2.32 Heart of Africa Mission

September 30, 2012

Hayes Perkins commenting on the lives of African women reveals much about his compassion, his sense of moral rectitude, his naiveté, his iron resolve, and his inability to address continent-wide, world-wide, colonial abuses.  However one values Hayes’ observations on this subject, at least he quotes directly the voice of one African woman speaking for herself.

February 21, 1914 – December 24, 1914

Of course the Beligian officers left Niangara for the war fronts in Kamerun and German East Africa leading columns of African soldiers. Askaris recruited on both sides of the conflict bore the brunt of the fighting over European colonial boundaries throughout WWI.

Askaris in German East Africa
photo by Walther Dobbertin

Hayes writes that the Belgians kept a large well-trained askari contingent stationed at Niangara prior to the outbreak of the war fearing an uprising of the Azandes:  “Renzi, Mopoie and Bukoyo, to say nothing of Akengai, all have several thousands of warriors behind them, and all they lack is arms to drive the Belgians out of the northern Congo.”   With German artillery and machine guns posing a more immediate threat than native uprising, the Belgians immediately rushed the trained Niangaran troops to the front replacing them with newly enlisted men to keep the native chiefs in hand.

Photographs from the period show the askaris fully equipped with modern weapons.  Hayes does not record their payment except to note that the Belgians gave each soldier a wife – all of  whom were abandoned, often with children, when their soldiers marched off to the front to fight for a Belgian Government that took no official concern for the providence of their wives and children.

Initially, Jenssen-Tusch, commander of the Niangara station, whom Hayes describes as “a kind hearted Dane,” donated 10 centimes food allowance to each woman daily.  Jenssen-Tusch’s charity didn’t last long; by September 25 his fund was exhausted “and the girls are wandering about the country in bands, purchasing their living in the only way they know how.”

Zande Woman with Child
Photo by Richard Buchta circa 1880

By September, 1914, Hayes was fluent enough in Bangala to ask some of the women if they hadn’t some other recourse.  He translates one woman’s bitter reply:  “Musungu, we were taken from our homes against our wills and given to this soldier.  He has gone away, and we have no garden, no home, no place where we may find a living.  The men who belonged to us have been taken away.  If we return home (which we may not, it is very far) we will but be made slaves what else can we do?”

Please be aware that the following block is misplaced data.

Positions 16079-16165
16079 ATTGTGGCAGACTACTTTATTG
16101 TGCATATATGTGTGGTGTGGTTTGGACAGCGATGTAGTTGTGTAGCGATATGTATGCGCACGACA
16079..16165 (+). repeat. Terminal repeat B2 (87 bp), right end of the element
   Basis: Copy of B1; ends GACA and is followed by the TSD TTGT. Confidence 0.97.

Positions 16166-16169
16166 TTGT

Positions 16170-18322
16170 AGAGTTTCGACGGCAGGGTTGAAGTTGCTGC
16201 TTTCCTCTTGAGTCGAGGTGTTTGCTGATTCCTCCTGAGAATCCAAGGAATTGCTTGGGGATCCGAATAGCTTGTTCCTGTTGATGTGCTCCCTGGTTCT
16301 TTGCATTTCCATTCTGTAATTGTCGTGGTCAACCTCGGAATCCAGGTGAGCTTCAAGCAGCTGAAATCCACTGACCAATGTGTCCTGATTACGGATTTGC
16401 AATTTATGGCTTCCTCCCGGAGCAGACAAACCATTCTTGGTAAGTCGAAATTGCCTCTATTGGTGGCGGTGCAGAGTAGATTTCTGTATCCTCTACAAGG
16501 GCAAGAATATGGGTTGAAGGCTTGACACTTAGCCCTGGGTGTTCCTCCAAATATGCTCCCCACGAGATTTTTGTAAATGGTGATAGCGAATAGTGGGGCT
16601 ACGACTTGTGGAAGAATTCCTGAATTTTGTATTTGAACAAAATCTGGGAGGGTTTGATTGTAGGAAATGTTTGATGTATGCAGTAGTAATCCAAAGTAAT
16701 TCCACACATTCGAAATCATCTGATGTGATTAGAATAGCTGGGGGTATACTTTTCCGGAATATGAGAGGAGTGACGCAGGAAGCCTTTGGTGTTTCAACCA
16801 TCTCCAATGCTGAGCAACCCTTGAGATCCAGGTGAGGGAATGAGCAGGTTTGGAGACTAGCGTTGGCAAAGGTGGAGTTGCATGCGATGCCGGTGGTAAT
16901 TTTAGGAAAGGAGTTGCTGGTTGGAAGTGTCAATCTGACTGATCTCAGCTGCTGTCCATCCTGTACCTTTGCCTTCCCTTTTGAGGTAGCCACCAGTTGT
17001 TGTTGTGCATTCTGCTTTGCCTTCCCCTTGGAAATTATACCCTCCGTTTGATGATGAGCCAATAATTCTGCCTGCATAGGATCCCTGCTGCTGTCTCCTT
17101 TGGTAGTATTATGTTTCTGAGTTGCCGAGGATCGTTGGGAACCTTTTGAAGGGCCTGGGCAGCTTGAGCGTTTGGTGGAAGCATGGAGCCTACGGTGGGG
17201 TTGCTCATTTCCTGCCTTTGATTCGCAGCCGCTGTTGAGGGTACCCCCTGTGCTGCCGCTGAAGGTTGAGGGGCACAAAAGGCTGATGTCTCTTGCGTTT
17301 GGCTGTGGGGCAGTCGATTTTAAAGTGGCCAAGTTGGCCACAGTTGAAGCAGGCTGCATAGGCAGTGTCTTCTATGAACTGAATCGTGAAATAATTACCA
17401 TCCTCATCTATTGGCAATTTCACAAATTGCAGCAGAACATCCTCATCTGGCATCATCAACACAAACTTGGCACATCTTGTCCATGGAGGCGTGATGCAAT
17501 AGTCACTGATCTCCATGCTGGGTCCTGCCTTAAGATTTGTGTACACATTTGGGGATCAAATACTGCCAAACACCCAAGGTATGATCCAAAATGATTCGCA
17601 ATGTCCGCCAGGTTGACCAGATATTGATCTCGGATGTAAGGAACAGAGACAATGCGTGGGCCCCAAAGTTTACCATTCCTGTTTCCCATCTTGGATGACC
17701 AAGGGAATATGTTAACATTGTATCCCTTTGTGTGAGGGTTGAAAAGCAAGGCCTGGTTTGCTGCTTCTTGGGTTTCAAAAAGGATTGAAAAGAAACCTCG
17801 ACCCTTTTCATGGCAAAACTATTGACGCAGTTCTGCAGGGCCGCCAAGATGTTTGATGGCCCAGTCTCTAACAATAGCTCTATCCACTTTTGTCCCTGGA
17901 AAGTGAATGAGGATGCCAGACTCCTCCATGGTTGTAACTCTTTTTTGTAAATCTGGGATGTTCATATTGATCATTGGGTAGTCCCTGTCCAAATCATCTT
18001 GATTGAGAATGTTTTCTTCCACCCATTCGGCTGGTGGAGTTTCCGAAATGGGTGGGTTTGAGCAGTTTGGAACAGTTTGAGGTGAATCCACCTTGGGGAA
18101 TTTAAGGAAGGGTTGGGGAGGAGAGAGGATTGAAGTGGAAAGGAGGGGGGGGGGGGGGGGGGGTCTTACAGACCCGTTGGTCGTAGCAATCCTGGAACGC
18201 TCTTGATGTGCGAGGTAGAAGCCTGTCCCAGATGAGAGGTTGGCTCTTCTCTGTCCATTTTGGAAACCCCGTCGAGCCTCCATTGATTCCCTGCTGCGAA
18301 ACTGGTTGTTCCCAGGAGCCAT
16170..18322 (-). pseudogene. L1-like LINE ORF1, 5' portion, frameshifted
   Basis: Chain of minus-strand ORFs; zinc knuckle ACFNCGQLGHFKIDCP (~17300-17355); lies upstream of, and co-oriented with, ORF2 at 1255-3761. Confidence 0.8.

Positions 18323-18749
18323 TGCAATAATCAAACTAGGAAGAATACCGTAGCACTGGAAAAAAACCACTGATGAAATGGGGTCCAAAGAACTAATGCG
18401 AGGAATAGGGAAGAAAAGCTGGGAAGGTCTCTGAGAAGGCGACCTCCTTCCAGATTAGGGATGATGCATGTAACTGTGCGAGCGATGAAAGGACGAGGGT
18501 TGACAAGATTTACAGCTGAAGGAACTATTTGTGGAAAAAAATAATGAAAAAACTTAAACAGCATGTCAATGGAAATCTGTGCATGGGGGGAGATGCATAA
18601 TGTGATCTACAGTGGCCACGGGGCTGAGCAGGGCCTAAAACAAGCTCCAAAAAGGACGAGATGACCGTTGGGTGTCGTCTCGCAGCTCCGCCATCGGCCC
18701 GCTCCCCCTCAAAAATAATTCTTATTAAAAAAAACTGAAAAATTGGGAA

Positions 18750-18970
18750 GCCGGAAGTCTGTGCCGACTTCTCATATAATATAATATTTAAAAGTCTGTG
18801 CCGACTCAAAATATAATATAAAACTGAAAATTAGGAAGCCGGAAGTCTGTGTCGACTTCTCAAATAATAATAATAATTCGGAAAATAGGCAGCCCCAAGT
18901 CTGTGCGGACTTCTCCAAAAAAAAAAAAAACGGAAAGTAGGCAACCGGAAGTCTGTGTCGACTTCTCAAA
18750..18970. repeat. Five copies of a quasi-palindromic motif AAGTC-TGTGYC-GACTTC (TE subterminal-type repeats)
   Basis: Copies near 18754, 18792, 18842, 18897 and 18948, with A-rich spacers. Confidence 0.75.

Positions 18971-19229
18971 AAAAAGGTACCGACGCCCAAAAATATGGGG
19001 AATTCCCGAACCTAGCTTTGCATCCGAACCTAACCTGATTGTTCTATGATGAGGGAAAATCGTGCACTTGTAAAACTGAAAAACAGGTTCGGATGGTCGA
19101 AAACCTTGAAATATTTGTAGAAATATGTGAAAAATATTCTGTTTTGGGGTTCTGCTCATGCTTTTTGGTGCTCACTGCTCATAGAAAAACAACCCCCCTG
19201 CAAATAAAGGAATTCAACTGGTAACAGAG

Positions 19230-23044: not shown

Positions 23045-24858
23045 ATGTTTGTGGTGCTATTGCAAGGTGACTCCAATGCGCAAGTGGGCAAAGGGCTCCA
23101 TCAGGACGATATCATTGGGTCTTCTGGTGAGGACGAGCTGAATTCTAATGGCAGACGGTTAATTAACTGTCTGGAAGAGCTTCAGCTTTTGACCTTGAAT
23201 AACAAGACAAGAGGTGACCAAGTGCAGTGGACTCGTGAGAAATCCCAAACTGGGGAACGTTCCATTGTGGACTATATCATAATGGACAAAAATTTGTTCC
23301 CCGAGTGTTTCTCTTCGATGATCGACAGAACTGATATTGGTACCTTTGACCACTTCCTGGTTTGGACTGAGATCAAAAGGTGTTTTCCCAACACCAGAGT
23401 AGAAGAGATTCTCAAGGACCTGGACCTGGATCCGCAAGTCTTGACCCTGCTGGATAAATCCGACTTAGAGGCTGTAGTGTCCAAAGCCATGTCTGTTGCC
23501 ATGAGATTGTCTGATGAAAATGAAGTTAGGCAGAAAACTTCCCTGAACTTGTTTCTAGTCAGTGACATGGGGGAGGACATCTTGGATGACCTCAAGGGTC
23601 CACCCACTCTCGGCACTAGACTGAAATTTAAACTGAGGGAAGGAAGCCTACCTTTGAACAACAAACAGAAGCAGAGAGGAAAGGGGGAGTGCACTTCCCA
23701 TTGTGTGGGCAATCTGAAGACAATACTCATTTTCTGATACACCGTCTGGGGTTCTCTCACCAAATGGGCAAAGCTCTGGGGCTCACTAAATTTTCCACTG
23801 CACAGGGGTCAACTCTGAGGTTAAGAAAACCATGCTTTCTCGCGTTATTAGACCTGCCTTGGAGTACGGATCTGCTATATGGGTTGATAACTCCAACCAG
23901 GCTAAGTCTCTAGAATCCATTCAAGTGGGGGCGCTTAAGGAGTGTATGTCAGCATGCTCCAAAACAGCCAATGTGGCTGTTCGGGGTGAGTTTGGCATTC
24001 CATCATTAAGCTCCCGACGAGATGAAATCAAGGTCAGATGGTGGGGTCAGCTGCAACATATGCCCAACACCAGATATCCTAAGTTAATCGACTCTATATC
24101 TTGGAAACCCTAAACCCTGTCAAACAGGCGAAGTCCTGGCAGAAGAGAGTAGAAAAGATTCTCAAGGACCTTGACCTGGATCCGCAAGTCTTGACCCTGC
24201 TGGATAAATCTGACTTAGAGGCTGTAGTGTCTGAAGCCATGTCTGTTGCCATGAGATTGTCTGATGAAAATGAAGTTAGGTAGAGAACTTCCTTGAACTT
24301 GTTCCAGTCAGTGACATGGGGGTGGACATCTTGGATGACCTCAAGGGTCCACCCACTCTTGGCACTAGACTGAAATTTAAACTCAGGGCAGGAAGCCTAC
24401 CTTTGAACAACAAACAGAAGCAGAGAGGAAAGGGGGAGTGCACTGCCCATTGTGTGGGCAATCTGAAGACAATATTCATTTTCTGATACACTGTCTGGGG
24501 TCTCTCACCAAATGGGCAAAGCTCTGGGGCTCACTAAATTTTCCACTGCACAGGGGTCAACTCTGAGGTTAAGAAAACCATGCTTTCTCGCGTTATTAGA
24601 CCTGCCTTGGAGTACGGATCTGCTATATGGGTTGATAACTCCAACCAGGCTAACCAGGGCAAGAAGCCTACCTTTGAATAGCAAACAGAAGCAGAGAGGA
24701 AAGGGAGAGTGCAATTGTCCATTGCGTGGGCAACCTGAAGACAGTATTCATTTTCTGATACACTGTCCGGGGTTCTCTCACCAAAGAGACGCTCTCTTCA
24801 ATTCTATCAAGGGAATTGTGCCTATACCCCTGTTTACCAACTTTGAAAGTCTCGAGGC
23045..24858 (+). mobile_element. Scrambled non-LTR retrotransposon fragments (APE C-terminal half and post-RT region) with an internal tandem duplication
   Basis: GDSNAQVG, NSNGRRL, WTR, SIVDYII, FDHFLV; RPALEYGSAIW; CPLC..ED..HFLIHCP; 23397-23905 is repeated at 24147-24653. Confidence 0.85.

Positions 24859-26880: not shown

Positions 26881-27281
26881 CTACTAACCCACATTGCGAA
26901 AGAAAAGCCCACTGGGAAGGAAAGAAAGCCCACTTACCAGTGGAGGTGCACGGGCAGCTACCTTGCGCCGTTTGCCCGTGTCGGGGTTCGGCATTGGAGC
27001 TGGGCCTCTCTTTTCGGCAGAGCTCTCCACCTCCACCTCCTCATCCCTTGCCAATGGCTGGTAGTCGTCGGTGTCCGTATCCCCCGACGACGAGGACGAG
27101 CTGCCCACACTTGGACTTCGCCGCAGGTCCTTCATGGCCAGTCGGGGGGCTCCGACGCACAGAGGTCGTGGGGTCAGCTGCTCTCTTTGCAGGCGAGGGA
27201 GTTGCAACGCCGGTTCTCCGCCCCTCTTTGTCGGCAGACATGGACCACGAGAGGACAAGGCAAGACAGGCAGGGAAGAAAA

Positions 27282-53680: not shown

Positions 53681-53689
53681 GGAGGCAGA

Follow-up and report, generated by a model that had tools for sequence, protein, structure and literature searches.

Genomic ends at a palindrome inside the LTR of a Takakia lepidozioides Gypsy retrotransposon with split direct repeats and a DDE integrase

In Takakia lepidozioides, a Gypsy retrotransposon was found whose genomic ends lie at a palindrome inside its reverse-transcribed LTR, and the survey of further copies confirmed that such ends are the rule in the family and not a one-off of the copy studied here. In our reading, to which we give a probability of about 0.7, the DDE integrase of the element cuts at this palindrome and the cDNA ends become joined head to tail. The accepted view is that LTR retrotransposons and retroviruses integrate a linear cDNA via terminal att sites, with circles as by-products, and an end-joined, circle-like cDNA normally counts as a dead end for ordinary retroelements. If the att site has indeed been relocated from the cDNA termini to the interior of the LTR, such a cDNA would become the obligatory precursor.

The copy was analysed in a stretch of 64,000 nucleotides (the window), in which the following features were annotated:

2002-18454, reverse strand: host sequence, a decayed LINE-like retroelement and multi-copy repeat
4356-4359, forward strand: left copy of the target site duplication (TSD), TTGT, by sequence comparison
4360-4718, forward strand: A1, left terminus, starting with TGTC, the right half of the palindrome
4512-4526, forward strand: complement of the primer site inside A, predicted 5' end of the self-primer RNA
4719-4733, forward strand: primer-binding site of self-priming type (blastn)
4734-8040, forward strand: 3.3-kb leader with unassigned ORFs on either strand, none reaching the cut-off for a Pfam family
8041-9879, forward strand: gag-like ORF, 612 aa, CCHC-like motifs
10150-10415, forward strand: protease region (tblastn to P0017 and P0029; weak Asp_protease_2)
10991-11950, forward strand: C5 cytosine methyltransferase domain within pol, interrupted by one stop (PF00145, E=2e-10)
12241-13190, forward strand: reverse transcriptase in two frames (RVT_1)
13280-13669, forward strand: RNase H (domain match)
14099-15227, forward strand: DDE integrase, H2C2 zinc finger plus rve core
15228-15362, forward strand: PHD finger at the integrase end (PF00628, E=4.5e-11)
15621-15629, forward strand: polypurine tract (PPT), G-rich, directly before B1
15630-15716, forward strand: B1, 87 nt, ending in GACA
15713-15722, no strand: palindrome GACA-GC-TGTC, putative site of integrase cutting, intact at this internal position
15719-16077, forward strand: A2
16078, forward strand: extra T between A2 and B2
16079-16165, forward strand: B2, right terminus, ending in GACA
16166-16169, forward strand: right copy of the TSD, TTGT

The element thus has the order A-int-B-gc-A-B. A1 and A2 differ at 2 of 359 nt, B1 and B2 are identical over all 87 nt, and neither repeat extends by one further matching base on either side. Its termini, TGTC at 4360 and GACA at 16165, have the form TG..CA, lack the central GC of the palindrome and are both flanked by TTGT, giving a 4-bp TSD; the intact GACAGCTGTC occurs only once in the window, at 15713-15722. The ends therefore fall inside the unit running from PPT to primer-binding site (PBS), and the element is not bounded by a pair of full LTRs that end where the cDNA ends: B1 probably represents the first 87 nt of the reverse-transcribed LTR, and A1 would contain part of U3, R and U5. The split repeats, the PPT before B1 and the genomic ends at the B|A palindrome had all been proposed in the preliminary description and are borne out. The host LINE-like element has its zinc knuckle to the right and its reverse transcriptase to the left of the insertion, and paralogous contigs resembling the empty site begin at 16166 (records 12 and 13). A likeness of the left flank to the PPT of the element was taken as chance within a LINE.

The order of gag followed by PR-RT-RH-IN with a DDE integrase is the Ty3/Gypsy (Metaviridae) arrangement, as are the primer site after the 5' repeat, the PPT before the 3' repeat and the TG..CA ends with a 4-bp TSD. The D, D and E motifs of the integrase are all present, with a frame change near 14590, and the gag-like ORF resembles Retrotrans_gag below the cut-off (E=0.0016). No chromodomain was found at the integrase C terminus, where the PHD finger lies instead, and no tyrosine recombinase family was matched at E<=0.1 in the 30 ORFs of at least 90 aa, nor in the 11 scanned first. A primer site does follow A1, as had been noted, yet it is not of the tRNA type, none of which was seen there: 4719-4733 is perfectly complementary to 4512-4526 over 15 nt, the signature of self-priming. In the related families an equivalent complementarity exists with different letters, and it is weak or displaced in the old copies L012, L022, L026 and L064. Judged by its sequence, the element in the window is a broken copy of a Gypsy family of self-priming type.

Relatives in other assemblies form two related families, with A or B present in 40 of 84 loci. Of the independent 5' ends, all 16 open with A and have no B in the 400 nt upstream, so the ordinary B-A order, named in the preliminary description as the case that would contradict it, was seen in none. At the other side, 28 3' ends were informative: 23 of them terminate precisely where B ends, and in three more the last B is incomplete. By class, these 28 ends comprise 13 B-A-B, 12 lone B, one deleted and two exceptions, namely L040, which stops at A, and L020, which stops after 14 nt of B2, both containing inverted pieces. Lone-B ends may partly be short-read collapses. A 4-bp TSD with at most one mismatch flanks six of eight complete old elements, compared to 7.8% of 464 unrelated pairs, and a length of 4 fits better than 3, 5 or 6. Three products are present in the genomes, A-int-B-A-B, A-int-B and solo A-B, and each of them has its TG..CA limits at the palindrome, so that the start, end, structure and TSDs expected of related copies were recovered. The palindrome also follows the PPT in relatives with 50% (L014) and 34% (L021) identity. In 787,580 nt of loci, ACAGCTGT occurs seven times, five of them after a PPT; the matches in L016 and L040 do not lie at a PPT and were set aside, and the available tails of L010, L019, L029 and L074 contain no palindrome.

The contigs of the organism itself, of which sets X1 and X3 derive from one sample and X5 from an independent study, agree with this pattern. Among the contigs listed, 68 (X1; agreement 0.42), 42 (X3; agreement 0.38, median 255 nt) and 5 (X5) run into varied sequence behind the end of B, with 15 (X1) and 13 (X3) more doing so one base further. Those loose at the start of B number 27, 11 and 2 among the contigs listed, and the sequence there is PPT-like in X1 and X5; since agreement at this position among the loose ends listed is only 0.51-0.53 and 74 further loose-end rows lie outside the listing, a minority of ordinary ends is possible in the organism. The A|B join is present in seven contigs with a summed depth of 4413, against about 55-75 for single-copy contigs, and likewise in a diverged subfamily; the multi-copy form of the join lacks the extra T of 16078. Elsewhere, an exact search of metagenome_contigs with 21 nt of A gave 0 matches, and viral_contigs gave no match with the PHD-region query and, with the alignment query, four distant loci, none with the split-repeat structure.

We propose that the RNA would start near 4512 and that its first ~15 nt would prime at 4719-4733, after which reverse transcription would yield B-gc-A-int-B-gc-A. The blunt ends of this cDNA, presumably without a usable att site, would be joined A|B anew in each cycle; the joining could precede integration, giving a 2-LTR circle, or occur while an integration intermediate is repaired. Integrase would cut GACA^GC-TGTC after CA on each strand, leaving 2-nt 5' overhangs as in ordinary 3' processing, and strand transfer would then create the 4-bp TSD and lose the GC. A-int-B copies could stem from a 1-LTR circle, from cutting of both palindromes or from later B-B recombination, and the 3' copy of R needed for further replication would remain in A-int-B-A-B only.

Hayes writes, “I cannot answer their queries.”

Studd, Buxton, and the Heart of Africa Mission are significant by omission in Hayes’ account of this abandonment of the military wives.  Perhaps even with the best of intentions, the scope of the disruption would have overwhelmed the young mission’s scant resources –  Hayes accounts more than 800 women forced into prostitution at Niangara and “It is so in every post in the Congo.”  If the missionaries bear no blame, Hayes delivers a scathing summary of the colonial government’s response:  “Little do the Belgians care, for there are always more women when these are gone, more where they are going, so why worry?”

Hairdressing among Mangbetu Women
Photo Eliot Elifoson 1970

In late November Hayes enters another note concerning these abandoned wives of the askaris who “waylay” him at the post “everywhere I turn.”  What could he do?  The women knew that he would not help them in the commercial manner to which they’ve been forced.  What could he say?  “It is futile to tell them what they should do, what they need is bread.”  He muses with resignation that “gradually they will be absorbed into the general population, as wives to newly enlisted askaris or taken up by chiefs and into the general body of the Mangbettu and Azande peoples.”

As a 36-year-old celibate American man who lived in northern Belgian Congo less than a year, Hayes Perkins may not be best qualified to comment on the lives of the local African women. Nevertheless, his last lengthy passage on women before leaving the Congo concerns the newly arrived Belgian officers who had accompanied the missionary reinforcements arriving at the Heart of Africa in December of 1914.  Askaris were sent to find “jewels for the haremlike (sic) at Niangara, for this is the Belgian way.”  Hayes observes that as long as her beauty lasts a woman will be kept as a Belgian plaything.  But time wears her down or her officer leaves with empty promises of return.  She then becomes wife to an African soldier or house boy; eventually falls to field labor; then to begging when too weak to to work.  “Then she dies, and a few of her sisters bewail her passing.  She is a thousand times better off dead.  Being a woman is hell in Africa.”

And then, four days later, lest a reader get a simplified impression of Hayes’ complex relationship to women, he writes:  “Mangbettu ladies have been making one last tremendous effort to seduce me, even to slipping into my room at night naked. …  Sometime I hate women. …  As a boy I believed them to be the emblem of all that was pure and good.  I believe many are now, but most are filled with dissimulation.”